Joel and Victoria Osteen appear profoundly, unfailingly positive. On the screen that recent Sunday are these words -- God plans to prosper you and not harm you.
"I don't believe it's just money -- money is a part of it -- but prosper is to give you a good life, meaning good relationships, and give you health," Osteen said, explaining the "prosper" phrase comes from the Book of Jeremiah. It's to "give you a good job and money to pay your bills and do other things, but you know I encourage people to have a prosperous mindset." Osteen said.
Osteen is often characterized, and criticized, for being a "prosperity preacher."
"I don't like to be called a prosperity minister because I think in most people's minds that don't know me they think, 'Well, all he talks about is money,' " Osteen said, "Which I don't, I talk about being blessed in so many different ways."
Yet he does offer advice about finances and he has some experience. Osteen said Lakewood still has $40 million to pay off on $100 million he borrowed to convert Compaq Center from a basketball arena into a church.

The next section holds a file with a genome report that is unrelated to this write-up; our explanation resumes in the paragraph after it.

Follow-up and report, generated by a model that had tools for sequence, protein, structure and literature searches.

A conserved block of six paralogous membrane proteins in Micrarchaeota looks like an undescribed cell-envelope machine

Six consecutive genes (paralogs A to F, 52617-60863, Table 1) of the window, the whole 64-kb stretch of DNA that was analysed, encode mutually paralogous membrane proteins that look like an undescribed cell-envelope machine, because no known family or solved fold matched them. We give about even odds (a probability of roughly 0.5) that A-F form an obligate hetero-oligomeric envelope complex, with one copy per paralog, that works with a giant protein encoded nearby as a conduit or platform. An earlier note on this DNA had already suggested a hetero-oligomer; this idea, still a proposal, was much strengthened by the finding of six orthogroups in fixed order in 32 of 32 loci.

In "It's Your Time," he writes, "If you have a burden of heavy debt, you need to announce to that debt, 'It is finished.' Look at that house payment. 'It is finished.' Look at that college loan. 'It is finished.' Look at those unpaid bills. 'It is finished.' "
Can God really wipe out your debts?
"It starts ... with the vision that you have to believe that God can help you to get out of debt to fulfill your dreams," Osteen said. "I don't think anything is going to happen if you don't believe, so I think that's where you start."
And what of the Bible verse that it is easier for a camel to go through the eye of needle than for a rich man to enter the kingdom of heaven? Or that Jesus preached his followers to give up all their belongings and follow him?
"Years back at least, you know you had to be poor and to show you were holy," Osteen said. "You're supposed to sacrifice everything, and I'm all for sacrifice and I believe in that, but I also believe that God wants us to be leaders. He's put gifts and talents in every person, that they're supposed to come out to the full."
CNN's Ben Tinker contributed to this report.